The rubbish talks back

From Thairath, August 1, 2014
Rubbish: You can’t clean up this place because the interim constitution doesn’t give you power to do so.
On the rubbish: Politicians who lost their power
On the rubbish truck: NCPO

[In the cartoon, Gen. Prayuth, head of the National Council for Peace and Order (NCPO), is attempting to clean up persistent problems caused by politicians. This sort of attitude toward the elected–that they act for themselves without thought of the greater good–is a prominent Thai assumption, not just an attitude of the “elite.”
This is key to understanding and predicting in the Thai world–especially for Westerners who see elections as a solution for political strife.
The nature of the Thai political system–depending on the intervention of the military or the monarchy in times of political crisis–encourages political parties to grab all the spoils they can while knowing that eventually they will be eased out of power.
The 1997 constitution was designed to remove the necessity of extra-electoral powers like the military and monarchy from having to intervene. The constitution created independent organizations and authorities like the auditor general and the election commission to oversee government actions.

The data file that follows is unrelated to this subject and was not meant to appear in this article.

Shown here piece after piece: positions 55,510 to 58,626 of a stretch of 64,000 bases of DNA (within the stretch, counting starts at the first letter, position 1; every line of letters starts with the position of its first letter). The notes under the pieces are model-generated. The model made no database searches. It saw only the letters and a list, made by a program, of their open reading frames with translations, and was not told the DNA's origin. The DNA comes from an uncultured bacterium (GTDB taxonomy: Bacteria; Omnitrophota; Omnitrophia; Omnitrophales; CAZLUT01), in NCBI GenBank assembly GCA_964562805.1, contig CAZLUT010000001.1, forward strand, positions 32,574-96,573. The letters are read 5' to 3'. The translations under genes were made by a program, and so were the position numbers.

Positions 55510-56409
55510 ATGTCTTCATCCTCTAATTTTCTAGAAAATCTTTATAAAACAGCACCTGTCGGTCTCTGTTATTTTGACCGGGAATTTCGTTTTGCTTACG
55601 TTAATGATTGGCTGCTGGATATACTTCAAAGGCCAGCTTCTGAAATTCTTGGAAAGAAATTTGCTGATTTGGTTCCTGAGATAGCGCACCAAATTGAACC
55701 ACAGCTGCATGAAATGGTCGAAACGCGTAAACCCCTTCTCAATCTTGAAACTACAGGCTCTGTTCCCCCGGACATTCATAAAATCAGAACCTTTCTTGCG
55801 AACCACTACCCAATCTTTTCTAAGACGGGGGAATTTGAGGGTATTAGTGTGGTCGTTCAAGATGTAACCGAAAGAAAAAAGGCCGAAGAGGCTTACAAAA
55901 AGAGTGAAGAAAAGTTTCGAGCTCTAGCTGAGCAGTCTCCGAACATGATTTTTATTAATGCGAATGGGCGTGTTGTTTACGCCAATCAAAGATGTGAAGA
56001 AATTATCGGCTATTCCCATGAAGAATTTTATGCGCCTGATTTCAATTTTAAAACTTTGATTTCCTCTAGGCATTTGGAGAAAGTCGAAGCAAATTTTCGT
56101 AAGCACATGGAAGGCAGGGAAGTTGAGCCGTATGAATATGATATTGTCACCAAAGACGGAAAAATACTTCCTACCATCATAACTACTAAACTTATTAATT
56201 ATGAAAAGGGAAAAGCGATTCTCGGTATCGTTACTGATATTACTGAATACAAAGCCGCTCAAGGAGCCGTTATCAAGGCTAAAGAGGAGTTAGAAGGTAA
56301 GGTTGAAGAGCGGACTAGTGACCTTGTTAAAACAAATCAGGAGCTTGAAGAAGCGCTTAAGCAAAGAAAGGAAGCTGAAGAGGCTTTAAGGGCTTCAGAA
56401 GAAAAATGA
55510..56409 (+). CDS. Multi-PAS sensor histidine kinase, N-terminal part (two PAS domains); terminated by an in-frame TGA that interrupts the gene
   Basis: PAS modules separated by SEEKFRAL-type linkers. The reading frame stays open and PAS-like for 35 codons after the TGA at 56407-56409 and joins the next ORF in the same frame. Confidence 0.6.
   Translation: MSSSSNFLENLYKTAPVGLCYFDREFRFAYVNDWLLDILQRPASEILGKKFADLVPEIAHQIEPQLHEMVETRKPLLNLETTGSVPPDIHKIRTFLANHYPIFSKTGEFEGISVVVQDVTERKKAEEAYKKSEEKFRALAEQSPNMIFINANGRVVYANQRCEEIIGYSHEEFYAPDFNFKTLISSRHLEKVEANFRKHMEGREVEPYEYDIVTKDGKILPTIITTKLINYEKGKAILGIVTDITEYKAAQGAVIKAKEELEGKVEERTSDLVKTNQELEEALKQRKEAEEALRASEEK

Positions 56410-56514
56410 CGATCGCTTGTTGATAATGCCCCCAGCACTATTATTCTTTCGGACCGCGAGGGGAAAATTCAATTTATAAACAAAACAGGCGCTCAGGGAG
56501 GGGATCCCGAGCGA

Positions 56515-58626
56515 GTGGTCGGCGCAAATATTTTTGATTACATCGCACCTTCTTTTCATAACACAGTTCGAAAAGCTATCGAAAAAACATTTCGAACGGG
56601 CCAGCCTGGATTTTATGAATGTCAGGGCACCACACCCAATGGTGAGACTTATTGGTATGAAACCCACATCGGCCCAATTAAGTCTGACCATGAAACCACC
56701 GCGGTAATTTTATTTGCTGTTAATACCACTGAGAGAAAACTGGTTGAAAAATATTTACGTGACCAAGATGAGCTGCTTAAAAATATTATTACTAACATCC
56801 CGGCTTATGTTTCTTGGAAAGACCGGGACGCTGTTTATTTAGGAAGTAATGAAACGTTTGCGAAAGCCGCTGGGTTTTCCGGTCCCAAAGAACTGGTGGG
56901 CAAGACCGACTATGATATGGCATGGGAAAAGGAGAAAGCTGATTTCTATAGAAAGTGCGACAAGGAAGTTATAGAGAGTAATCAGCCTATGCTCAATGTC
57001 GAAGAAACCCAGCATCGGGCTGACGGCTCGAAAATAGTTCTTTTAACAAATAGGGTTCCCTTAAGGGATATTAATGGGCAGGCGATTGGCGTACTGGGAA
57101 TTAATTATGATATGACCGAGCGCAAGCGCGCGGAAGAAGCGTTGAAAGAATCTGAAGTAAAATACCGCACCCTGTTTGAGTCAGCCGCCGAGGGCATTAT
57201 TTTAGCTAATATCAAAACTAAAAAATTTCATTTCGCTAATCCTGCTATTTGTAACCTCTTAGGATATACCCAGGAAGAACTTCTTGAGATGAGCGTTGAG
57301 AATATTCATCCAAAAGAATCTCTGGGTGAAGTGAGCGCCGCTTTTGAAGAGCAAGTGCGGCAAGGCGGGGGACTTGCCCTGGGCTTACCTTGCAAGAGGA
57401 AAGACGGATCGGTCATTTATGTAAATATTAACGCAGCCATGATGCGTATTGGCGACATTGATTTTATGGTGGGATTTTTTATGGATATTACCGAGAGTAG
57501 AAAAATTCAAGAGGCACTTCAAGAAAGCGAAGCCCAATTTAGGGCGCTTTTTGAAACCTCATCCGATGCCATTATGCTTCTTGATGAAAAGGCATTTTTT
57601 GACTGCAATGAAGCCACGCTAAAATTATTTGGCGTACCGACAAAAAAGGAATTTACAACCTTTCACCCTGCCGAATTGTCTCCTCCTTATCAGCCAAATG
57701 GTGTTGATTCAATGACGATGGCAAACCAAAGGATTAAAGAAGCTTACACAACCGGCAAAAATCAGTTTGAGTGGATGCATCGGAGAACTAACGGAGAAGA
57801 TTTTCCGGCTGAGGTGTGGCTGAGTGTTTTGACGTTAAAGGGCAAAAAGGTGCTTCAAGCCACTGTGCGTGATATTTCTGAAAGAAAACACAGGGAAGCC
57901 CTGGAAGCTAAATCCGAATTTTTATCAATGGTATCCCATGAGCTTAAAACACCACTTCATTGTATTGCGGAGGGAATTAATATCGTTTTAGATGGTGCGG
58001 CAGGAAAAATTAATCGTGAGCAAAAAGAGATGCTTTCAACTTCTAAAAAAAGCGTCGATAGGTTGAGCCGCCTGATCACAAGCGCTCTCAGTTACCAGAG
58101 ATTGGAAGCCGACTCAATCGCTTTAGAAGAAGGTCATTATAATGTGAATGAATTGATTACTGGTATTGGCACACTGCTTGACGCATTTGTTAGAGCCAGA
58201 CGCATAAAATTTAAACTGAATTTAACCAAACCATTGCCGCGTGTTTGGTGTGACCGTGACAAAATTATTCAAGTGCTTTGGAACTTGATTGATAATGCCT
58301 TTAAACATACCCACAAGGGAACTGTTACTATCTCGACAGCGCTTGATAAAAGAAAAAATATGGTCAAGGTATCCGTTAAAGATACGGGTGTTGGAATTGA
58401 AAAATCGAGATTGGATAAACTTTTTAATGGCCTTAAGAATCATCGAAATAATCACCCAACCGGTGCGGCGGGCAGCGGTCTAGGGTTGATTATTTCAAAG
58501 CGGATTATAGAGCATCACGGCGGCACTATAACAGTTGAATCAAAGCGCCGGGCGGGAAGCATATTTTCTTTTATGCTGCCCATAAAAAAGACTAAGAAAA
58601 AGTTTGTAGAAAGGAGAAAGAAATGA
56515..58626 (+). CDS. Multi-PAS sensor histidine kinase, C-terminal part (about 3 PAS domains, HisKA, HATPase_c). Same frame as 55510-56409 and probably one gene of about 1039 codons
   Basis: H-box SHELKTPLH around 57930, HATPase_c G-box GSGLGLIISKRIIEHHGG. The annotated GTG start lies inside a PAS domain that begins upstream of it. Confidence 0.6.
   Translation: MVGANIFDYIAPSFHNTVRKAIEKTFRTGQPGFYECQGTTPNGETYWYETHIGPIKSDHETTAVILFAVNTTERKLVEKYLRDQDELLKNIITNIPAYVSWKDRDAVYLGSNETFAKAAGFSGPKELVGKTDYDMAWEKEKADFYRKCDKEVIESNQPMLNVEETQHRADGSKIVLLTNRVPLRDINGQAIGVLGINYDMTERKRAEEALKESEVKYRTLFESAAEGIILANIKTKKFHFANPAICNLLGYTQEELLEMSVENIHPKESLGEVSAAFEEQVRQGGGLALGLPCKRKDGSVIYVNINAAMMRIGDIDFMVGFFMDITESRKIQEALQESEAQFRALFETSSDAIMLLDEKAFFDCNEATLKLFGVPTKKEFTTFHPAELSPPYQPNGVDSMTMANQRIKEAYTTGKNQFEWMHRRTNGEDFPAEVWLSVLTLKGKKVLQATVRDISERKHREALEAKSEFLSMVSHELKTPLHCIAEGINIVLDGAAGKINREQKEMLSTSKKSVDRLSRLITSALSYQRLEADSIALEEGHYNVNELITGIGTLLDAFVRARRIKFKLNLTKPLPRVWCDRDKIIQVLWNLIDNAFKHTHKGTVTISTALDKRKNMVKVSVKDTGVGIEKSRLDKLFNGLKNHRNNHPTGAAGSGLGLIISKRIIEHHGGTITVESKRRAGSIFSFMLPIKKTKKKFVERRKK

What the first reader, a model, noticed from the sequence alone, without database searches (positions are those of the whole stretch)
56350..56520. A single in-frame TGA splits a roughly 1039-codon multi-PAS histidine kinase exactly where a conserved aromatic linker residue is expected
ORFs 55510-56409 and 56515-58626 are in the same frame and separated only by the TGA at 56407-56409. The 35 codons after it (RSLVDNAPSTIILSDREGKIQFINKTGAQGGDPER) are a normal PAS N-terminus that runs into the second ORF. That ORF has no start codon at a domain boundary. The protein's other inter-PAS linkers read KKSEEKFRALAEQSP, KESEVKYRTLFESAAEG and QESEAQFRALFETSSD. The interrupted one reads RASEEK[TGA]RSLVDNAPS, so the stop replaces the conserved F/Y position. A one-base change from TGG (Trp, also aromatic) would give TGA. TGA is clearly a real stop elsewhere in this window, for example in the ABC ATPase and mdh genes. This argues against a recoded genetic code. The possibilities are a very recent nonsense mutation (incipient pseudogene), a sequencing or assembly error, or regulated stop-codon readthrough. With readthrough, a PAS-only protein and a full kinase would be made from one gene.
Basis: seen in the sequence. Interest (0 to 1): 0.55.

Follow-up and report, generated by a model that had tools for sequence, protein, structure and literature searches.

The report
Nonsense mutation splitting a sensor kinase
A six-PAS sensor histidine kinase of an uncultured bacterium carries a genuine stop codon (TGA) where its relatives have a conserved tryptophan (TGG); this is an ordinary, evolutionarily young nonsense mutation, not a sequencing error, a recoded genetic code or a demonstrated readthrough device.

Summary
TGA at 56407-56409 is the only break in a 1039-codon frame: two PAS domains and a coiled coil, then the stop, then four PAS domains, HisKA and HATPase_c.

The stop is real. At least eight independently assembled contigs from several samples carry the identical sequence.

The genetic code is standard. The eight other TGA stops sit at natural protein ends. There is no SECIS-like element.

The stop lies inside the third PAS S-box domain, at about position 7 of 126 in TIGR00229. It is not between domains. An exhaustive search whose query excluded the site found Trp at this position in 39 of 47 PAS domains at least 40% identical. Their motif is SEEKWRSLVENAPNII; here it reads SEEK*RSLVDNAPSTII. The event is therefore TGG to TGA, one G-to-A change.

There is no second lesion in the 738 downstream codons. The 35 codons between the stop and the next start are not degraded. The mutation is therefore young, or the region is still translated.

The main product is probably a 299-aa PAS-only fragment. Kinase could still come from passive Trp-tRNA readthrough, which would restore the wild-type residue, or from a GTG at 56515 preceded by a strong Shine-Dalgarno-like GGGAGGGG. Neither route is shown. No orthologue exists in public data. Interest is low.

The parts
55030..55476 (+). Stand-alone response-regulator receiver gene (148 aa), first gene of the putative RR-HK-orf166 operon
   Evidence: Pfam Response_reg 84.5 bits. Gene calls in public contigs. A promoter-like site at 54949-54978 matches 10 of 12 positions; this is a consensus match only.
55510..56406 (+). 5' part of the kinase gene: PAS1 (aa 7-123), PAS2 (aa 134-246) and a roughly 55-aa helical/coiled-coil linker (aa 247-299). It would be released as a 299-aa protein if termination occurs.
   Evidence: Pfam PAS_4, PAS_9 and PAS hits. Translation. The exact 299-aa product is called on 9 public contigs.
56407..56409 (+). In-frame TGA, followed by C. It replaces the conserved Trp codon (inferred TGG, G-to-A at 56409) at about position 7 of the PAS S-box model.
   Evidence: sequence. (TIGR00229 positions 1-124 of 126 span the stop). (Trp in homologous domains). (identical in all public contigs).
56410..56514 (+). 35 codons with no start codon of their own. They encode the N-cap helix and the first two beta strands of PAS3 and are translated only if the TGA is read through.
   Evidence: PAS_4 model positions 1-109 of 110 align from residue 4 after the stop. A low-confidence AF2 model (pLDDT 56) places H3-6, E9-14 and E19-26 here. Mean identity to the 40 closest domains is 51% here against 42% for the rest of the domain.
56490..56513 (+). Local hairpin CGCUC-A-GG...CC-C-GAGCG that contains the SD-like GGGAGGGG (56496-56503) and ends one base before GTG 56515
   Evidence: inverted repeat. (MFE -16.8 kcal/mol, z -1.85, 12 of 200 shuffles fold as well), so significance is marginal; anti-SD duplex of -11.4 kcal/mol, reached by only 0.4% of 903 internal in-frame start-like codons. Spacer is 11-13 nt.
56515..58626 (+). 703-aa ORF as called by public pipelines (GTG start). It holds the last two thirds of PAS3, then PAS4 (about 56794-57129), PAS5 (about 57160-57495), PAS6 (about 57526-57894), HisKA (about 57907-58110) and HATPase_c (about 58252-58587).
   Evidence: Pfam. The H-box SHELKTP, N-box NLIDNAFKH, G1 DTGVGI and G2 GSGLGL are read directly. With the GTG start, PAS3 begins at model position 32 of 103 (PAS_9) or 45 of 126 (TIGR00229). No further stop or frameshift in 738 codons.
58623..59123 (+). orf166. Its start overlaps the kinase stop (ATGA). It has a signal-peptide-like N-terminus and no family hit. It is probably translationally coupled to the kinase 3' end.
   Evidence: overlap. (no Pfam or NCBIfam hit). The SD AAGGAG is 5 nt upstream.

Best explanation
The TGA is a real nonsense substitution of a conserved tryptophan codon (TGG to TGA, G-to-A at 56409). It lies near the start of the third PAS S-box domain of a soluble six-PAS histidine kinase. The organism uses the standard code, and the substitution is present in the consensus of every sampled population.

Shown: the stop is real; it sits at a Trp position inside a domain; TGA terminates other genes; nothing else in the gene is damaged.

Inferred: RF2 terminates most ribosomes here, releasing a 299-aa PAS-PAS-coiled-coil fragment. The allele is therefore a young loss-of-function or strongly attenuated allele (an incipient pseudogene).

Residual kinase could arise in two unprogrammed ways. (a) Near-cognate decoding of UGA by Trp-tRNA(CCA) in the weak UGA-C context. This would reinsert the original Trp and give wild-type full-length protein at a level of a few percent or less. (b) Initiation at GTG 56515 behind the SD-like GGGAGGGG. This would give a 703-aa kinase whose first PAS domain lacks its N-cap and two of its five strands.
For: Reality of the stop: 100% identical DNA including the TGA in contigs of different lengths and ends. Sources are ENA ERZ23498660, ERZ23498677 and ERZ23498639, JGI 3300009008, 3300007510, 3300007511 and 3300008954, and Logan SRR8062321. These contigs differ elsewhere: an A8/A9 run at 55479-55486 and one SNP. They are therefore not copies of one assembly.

However, the Thai Rak Thai Party reacted strongly against this and attempted at every turn to dismantle these checks and balances, citing their unfairness.
Thai Rak Thai’s successor parties like the People Power Party and the Pheu Thai even more openly vowed to rewrite the constitution to remove the power of independent organizations and the courts from having sway over an elected government’s actions.
The gutting of the checks in the 1997 constitution and the years of political strife since then has now had the effect of returning Thailand to its pre-1992 political state–a marginally-democratic system dominated by a handful of “big men” who make deals behind closed doors and who are closely checked by the firm, and often overbearing, hand of the military.]

2Bangkok.com Editor Ron Morris’ book, The Thai Book: A Field Guide to Thai Political Motivations, is available in the Kindle Store.

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